There was this young boy in a boarding school at Dehradun. Like many other students that we had met during the last fortnight, he was also listening to a Carnatic concert for the very first time. From the moment I started my presentation with Hamsadwani varnam, he broke into uncontrollable laughter, masking it behind his handkerchief. Unluckily for him, he was in the second row and I could clearly see his amusement which had now spread infectiously to his friends nearby. As was my protocol for this tour, I invited him to the stage to strum my Sur sangam/Tanpura for the concert. The idea to ask volunteers from the audience to play the Tanpura was mainly to give them an assurance that we are quite normal to interact with and to give them a first hand experience of all that happens on-stage during a concert. This boy was initially petrified that I had called his bluff but bravely told me the truth when I asked why he couldn't stop laughing. He said bluntly, " Your expressions, sir! " I was struck by his honesty and decided to turn the direction of the concert towards his perspective. Agreed, we musicians use a lot of hand gestures and limb movements in a concert. In my mind, I asked myself why I am moving my hands so rapidly while singing and what makes it so necessary and involuntary. The answer also flashed immediately that I shared with the students. It is all mainly because of the creative aspect of our music. I vividly remember my father requesting me to move my arms a little, now and then, while singing as a 14 year old boy, lest I look like a robot, rigidly repeating line after line in succession. My grandmothers told him that it will happen eventually. Now, my father sometimes has to ask me to curb my mannerism of painting in the air while singing. It is too late, I tell him, because creative expressions probably trigger that part of the brain which sends commands to our hands. I now asked the boy to stand up and talk a little about his school and teachers. He fluently described everything in a minute and liberally swayed his arms to drive home his point. Well, my little friend, that is exactly what we musicians are doing. We explain in our own language, what we were taught and what we are thinking at that moment, striking a delicate balance between the two, while doing so. By the time this concert ended, most of the young kids were aware and in awe of the "manodharmam" part of our music.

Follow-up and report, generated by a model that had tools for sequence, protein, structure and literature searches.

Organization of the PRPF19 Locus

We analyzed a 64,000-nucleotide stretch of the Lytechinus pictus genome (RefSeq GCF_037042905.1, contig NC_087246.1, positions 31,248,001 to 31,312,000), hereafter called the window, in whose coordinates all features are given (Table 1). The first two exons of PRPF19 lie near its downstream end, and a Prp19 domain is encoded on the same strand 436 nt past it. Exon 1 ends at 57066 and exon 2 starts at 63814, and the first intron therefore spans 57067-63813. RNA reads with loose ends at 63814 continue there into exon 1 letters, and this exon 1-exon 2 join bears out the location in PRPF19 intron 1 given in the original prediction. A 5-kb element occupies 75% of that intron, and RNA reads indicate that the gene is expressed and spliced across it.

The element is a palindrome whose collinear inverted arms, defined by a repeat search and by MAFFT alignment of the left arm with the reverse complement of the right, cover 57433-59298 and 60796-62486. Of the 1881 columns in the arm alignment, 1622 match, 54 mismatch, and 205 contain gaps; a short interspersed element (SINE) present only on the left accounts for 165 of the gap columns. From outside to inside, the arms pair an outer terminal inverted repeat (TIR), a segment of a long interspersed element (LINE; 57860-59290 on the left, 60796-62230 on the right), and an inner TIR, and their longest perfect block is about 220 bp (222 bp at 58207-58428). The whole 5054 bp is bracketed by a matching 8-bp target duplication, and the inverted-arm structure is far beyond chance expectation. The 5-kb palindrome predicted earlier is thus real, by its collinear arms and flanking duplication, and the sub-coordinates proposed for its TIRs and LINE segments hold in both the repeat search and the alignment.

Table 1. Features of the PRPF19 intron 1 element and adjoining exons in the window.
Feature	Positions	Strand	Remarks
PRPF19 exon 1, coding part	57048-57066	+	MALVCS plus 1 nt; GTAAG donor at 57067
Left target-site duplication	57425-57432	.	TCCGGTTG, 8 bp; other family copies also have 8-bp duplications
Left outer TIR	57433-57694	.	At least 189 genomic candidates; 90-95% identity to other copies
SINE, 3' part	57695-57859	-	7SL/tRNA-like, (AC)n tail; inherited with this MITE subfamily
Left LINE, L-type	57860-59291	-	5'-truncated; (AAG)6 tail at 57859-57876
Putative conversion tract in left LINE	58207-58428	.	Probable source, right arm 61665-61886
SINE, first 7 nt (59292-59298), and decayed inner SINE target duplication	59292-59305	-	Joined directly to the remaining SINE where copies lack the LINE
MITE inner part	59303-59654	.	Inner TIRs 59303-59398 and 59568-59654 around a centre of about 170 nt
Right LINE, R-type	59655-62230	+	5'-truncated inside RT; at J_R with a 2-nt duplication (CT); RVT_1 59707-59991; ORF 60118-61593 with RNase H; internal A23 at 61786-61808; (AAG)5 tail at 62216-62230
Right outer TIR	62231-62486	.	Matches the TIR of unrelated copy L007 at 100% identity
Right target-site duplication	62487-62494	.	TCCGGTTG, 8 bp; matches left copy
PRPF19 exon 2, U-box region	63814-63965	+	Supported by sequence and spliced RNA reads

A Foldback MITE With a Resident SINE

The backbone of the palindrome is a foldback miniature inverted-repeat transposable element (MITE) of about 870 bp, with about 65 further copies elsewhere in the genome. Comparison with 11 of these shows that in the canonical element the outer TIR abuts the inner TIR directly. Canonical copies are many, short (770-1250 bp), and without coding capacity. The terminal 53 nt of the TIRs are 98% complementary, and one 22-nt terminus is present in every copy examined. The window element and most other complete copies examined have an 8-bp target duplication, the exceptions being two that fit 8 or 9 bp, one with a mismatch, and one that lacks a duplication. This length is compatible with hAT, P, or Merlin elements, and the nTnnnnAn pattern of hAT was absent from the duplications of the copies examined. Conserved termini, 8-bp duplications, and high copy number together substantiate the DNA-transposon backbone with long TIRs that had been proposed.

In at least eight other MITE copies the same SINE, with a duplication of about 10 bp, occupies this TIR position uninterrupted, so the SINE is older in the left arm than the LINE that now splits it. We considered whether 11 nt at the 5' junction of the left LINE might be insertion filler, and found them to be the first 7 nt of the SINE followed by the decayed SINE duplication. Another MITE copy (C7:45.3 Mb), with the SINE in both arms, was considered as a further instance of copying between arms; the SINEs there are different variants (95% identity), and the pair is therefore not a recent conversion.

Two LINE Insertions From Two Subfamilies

This is just one of the several unforgettable experiences that V. Sanjeev, J. Balaji and I had, during our 15 day tour of Himachal Pradesh and Uttarakhand in addition to Chandigarh. This was a meticulously organised circuit by SPIC MACAY, an award winning movement aimed at spreading our rich cultural heritage to the youth of India. It was a tour that brought us in contact with the outside world, so to speak. A world that lies beyond our regular kutcheri audience who are aware of everything from raga-names to individual idiosyncrasies of every artist in business. This was a world of young minds to whom, music was mainly a choice among Bollywood, "fusion", some North Indian classical and other ancient, unheard forms of music. The bitter truth was that many of the students had not heard our music before. I stopped considering that bitter after the first few concerts, because, for them to appreciate something, they need to be aware of its existence, the relevance of it in their daily lives and its ability to invoke emotions as an art form. These three aspects became our motto for the next fortnight as we, show after show, performed to packed school and college auditoriums to students who now hopefully acknowledge South Indian music as something that is still young and cool!